Every year the third day of December is marked as the International Day of Persons with Disabilities, exclusively reserved to pay tribute to people with disabilities and acknowledge their contributions and achievements. On this prestigious occasion, conventionally, accomplishments of disabled persons are highlighted and cherished: seminars are organised on governmental level as well as by private organisations, television channels air special programs and conduct interviews of distinguished individuals and print media publishes editorials and success stories in recognition of people with disabilities. However, despite suffering from visual impairment and being a vocal proponent of rights of disabled community, I wish to address ...

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They said I was a paedophile, a prostitute, sick in the head, all because I loved a younger man

I was in the 10th grade when a friend of mine told us that she was in love with this guy who was a trainee pilot and was six years older than her. Quite frankly, it did not strike me as anything unusual since my own parents have an age gap of around eight years between them. And if anything, such age differences are deemed desirable by our society at large. I was also fully aware that my friend was mature and knew what she was doing. At no point in that conversation were the intentions of the guy doubted. ...

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It all started with a so-called wrong number

I come from an open-minded household; however, my beliefs about relationships and marriage are very traditional. I disapproved of love before wedlock and looked down upon affairs and relationships. I got married young to a man much older; he became my friend, lover and confidant. Even after having children, we are inseparable. It was only when I found out about my husband’s affair that I broke down and my whole life seemed like a lie to me. I still chose to forgive and forget considering my values did not allow for a divorce and I chose to stay with him. ...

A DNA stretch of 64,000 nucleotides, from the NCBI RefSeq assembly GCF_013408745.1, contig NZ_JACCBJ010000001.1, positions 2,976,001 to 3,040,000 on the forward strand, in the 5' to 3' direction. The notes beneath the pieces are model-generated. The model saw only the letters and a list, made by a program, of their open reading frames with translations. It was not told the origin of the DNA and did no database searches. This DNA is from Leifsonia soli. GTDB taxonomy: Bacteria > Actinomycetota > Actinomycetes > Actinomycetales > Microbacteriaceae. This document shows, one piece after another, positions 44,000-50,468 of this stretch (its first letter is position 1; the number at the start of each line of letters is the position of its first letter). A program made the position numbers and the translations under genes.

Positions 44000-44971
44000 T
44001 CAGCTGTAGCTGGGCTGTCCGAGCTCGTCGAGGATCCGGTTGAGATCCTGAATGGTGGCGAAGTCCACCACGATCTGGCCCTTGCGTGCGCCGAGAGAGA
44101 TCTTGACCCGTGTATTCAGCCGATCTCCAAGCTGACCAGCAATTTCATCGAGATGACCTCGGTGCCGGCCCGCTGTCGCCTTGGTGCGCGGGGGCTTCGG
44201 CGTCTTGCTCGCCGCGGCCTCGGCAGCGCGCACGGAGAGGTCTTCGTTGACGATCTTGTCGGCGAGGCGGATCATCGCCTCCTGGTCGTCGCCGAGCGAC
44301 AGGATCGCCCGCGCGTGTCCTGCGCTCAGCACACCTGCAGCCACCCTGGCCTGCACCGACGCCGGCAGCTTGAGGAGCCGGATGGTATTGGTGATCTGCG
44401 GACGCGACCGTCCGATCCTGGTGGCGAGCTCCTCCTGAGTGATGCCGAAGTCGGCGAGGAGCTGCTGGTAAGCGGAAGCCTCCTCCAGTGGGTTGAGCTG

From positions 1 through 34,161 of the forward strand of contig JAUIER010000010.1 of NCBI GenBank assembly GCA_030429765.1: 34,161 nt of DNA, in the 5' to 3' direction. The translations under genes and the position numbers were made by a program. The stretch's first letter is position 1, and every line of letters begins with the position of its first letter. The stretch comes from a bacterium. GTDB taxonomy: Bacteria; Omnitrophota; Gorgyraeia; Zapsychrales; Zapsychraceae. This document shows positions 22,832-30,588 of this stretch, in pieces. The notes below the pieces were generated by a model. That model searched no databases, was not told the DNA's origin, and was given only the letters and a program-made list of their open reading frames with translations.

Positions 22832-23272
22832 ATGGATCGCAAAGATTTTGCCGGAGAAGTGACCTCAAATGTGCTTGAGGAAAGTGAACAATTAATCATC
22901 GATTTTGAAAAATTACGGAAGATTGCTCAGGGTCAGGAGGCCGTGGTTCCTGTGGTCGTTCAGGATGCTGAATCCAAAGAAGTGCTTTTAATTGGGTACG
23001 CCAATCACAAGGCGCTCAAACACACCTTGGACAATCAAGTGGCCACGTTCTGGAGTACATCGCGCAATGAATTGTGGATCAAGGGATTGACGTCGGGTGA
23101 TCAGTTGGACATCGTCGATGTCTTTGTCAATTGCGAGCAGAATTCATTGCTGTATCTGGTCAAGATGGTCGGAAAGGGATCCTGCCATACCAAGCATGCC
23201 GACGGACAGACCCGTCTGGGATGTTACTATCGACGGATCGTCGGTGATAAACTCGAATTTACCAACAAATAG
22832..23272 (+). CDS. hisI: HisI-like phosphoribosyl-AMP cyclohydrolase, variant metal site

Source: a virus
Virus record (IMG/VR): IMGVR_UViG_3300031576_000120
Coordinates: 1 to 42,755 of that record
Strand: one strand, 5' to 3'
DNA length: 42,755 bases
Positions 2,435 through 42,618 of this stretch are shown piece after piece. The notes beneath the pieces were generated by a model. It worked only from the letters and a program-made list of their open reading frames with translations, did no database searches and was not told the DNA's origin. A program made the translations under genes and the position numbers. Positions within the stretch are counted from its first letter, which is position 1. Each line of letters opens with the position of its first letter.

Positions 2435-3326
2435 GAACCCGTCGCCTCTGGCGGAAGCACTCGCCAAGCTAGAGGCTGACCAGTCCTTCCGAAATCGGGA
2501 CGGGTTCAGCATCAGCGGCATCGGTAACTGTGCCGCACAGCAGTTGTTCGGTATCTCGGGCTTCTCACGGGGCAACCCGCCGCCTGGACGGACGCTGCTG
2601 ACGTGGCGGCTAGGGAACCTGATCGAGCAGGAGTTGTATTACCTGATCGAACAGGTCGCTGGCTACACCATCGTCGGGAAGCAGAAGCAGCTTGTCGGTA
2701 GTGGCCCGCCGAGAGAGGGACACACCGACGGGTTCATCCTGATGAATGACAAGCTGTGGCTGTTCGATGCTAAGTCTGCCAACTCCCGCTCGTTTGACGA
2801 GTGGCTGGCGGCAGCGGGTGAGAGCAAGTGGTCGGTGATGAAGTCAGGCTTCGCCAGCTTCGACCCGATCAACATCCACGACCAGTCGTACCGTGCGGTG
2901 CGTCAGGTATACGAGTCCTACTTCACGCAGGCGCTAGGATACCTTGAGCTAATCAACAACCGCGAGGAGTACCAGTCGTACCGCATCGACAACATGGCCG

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Because smoking damages a man’s lungs and ruins a woman’s honour

While universities around the world are trying to promote freedom of expression and invest in the development of their students, in the case of Pakistan, higher education institutions are stifling debate, cracking down on any independent thought and churning out automatons by the hundreds. For instance, they are more focused on wasting paper with unoriginal research papers, as former students of University of Engineering and Technology (UET) were recently caught plagiarising a whole paper verbatim and almost got away with having it published. International Islamic University Islamabad (IIUI) has stopped its students from celebrating Pakhtun culture day, while Punjab University arrested ...

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When Sadaf Kanwal threw her privilege all over the place

I remember the first time I saw an ad featuring Sadaf Kanwal. I was walking past a clothing shop, and I stared into her big bold eyes, encompassing the entirety of a wall. I was thinking about how beautiful she was, and flawless, up on that wall for the world to see. Recently, this same beautiful model spoke about the #MeToo movement on a public forum. “You know aap ke sath #MeToo jab ho, tab bol do. Baad mein aap ko yaad araha hai #MeToo, so I think jab ho bol do.” (You know when you experience a #MeToo incident, say it then. Why ...